Objectives: To examine the spectrum of fetal head and neck anomalies that may prompt prenatal referral and to determine the frequency of these consultations. Study design: Case series with chart review. Methods: The billing databases of two urban pediatric otolaryngology practices were queried for ICD-9 codes corresponding to fetal anomalies between January 2010 and December 2012. The pediatric otolaryngology practices in this study evaluate all fetal head and neck anomalies referred to their respective institutions, including craniofacial disorders. Results: Over a three-year period, 53 women presented for fetal otolaryngology consultation, with each practice seeing approximately one consultation every 6 weeks (every 5 weeks (JDS) and every 7 weeks (ARS)). The average maternal and gestational age at presentation were 28.7 years and 27.2 weeks, respectively. 83% of the cases (n=. 44) involved some form of cleft lip with or without cleft palate. Other head and neck anomalies included fetal goiter/other congenital neck mass (9% (n=. 5)) and micrognathia (6% (n=. 3)). Macroglossia (n=. 1) and facial cleft (n=. 1) each accounted for 2% of cases. Cleft mothers presented earlier in pregnancy (average 26.8 weeks) than those with a neck mass (average 32.3 weeks) (p<. 0.05). Only 3 cases (6%) merited ex utero intrapartum treatment. Conclusions: Depending on the referral practices at a given medical center, craniofacial surgeons rather than pediatric otolaryngologists may be evaluating the majority of fetal head and neck anomalies, as orofacial clefts account for most prenatal consultations. The wide spectrum of congenital neck masses may or may not demand monitoring of the airway during the peripartum period.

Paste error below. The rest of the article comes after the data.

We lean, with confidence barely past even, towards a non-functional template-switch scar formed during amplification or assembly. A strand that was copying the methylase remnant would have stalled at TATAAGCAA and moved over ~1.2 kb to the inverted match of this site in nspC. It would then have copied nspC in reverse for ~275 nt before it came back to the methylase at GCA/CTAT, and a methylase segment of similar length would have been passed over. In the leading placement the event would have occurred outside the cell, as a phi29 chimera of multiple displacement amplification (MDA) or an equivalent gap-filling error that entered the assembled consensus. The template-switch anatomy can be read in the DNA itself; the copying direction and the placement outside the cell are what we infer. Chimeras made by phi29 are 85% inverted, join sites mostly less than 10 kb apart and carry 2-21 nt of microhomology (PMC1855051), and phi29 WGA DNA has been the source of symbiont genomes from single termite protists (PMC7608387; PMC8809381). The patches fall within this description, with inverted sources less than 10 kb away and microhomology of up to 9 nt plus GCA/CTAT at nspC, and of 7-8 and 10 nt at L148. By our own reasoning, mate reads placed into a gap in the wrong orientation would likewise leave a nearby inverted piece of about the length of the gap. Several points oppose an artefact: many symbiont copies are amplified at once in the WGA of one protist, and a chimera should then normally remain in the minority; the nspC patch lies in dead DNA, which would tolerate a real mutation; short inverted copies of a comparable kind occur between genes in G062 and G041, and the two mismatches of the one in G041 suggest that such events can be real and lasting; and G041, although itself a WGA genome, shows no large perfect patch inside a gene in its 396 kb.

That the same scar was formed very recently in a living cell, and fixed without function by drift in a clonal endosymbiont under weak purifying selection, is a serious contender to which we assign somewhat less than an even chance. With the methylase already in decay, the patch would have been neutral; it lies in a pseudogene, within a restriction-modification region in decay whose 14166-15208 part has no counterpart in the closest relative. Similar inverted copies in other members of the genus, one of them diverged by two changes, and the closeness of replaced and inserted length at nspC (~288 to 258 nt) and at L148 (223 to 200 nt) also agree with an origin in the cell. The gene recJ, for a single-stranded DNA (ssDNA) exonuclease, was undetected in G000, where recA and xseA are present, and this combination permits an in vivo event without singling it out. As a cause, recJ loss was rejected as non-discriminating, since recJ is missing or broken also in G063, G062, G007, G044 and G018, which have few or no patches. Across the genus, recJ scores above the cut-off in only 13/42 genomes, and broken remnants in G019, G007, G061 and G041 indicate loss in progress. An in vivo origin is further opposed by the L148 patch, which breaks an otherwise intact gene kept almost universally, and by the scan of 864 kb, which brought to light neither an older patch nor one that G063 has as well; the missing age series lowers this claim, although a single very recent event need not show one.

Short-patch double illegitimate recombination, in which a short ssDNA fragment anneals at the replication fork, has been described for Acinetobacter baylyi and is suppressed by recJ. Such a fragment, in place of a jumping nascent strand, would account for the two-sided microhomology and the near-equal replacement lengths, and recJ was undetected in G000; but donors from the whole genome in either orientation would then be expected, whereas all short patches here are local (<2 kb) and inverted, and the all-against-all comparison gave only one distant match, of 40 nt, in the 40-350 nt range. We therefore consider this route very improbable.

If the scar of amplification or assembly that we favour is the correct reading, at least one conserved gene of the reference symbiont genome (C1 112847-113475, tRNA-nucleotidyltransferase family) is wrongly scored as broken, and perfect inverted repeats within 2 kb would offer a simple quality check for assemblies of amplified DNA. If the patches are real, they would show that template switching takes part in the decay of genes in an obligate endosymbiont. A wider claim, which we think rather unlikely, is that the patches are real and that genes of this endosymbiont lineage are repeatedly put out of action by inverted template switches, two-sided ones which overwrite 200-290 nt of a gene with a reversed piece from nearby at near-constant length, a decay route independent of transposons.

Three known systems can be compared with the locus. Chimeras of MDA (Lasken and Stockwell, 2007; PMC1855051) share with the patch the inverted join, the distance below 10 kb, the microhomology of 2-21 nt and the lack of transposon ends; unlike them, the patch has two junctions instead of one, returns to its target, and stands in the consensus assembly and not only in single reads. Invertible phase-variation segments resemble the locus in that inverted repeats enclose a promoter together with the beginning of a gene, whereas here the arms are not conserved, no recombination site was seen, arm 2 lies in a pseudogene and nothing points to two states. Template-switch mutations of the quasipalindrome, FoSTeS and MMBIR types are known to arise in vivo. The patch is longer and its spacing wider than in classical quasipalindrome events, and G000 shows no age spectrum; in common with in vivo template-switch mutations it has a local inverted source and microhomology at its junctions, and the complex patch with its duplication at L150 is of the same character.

|Number of pages||5|
|Journal||International Journal of Pediatric Otorhinolaryngology|
|State||Published - Apr 2014|
- Cleft lip and palate
- Ex utero intrapartum treatment (EXIT)
- Fetal diagnosis
- Prenatal consultation